South Portal Design Approved

WSDOT approves deeply flawed designed plan for the south portal of the viaduct in downtown Seattle, citing cost as the major concern.

Despite the many flaws pointed out by the Design Commission, Washington State Department of Transportation (WSDOT) has decided to move forward with the plans for the reconstruction of the south portal of the viaduct.  Though numerous issues were cited with the design, WSDOT’s concern for cost seems paramount.  In an age of radical budget cuts, this is not surprising, albeit unsatisfactory.

Posted by Megan RisleyMay 8, 2011

Seattle Design Commissioners are trying to encourage a lengthening of horizons in WSDOT’s considerations.  While price is an issue, it need not be the only one.  People in Seattle want to enjoy their incredible waterfront – a rare gift for an urban space in the downtown area.  Seattleites are fortunate to have a beautiful bay as their city’s backyard, so, it would seem that such appreciation for it should show in their designs.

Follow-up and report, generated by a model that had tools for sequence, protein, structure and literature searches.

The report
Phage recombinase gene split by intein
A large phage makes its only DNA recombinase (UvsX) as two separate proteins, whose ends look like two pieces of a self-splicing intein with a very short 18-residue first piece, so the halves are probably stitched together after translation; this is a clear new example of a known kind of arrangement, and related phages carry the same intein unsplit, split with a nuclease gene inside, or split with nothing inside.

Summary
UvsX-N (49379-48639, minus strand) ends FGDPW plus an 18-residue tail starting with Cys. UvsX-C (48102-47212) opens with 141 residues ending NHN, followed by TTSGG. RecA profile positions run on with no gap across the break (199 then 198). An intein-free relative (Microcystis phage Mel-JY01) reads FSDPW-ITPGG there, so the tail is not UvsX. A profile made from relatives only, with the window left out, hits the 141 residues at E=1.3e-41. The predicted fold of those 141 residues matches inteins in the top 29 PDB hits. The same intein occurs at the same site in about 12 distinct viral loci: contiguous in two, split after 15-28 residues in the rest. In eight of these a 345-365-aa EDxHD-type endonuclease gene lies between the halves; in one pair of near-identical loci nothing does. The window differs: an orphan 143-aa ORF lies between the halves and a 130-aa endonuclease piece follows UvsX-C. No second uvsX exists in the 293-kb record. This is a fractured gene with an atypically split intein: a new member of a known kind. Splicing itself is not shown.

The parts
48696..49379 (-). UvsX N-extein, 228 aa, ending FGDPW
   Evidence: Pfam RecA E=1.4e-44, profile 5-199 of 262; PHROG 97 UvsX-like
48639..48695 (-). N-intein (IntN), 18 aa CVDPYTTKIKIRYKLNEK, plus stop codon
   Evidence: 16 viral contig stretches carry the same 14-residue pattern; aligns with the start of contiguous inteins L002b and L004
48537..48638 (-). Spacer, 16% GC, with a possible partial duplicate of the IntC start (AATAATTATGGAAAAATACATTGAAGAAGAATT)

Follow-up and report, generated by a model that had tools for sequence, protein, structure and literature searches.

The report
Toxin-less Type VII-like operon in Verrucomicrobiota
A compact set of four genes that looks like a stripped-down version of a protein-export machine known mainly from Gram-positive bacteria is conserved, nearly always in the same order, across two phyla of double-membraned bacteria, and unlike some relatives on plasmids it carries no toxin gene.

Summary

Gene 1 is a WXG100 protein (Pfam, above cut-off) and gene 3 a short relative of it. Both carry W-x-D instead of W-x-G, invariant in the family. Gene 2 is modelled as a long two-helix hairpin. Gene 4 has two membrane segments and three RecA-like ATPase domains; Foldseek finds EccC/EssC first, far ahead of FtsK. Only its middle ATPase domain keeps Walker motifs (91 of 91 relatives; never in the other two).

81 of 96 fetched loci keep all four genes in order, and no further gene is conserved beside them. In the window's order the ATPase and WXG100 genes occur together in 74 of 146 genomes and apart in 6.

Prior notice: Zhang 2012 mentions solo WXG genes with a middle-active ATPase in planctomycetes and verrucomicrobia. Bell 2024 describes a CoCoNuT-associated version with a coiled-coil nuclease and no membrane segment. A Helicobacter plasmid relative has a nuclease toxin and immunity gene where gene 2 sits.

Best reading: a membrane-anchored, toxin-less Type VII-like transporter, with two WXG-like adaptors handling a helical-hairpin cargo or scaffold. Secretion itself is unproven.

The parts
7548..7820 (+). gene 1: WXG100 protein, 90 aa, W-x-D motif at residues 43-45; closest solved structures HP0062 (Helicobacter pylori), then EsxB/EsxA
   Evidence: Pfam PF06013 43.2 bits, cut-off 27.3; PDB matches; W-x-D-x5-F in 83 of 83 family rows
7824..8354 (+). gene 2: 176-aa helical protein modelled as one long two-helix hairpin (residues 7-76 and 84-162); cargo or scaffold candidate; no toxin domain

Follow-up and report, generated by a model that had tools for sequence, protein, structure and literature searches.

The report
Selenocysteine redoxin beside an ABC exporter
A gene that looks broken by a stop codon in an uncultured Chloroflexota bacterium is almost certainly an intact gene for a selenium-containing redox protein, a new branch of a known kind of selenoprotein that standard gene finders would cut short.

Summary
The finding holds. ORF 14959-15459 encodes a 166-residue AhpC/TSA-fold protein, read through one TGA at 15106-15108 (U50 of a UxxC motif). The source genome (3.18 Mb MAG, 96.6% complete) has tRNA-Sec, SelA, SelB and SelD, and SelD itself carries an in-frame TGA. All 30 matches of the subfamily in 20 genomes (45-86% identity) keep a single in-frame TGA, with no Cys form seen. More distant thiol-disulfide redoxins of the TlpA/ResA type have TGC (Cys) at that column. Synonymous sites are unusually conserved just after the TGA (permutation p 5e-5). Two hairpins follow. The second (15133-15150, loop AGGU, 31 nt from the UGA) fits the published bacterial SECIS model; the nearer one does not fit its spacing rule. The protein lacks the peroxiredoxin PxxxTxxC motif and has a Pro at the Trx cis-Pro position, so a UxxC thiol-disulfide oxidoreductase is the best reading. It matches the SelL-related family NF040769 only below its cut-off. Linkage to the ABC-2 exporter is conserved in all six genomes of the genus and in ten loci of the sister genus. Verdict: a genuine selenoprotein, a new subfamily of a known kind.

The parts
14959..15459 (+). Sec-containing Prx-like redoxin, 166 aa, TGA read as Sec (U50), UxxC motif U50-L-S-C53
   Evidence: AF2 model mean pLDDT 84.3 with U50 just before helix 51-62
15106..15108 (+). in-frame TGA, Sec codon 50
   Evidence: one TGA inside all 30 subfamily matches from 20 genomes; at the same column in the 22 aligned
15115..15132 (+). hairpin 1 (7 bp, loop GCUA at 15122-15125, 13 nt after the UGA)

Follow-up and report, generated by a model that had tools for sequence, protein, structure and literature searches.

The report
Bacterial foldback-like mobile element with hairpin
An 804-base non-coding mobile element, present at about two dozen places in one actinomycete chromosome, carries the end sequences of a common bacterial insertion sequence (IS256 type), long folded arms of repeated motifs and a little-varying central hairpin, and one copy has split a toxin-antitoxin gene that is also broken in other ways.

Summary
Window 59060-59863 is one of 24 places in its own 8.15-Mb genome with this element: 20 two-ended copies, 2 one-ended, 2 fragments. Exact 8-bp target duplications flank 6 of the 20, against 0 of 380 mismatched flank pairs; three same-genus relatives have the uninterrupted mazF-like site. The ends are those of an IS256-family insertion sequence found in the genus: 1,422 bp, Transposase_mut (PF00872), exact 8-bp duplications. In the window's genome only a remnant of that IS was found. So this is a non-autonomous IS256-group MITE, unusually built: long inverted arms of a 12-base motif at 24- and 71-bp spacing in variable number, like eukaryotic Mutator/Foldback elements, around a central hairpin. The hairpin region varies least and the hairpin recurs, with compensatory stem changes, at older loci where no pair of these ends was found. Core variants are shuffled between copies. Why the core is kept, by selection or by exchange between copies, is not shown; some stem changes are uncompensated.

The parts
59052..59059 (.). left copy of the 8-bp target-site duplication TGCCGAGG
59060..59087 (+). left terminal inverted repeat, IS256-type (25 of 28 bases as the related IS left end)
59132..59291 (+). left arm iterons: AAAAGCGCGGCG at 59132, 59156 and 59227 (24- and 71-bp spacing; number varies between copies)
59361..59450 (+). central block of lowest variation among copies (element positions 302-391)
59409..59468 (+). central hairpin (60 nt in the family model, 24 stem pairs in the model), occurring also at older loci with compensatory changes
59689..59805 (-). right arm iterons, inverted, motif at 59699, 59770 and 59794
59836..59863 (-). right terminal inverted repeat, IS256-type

One main issue with the current design of the south portal of the viaduct is that a 25-foot exit ramp near 1st Avenue across Royal Brougham would be hazardous – both to the view across the Sound to West Seattle and to the traffic (on foot as well as motorized) on 1st Avenue.  Not only would it slice the waterfront vista basically in half, but the space such a ramp would leave underneath it is nearly ideal for illicit-activity gatherings.

The proposed design is narrower and longer than the current model, which could create bottlenecks – the traffic squeeze the 520 bridge (across Lake Washington) experiences all too often.  In downtown, though, where space is a little bit more limited, traffic surges could do more than just annoy commuters.  It could overwhelm the streets, causing safety issues for people going by foot or biking,  and bring more pollution (both noise and otherwise) for downtown dwellers, making for a generally unpleasant environment.

Commissioners are at odds with WSDOT in this matter.  While members of the Seattle Design Commission really want WSDOT to consider all aspects of urban design – not just how to keep costs low – WSDOT’s focus is on the “engineering advantages” the current design holds. But, Seattle doesn’t just want streets for cars.  Seattle wants a livable, walkable city.

 

 

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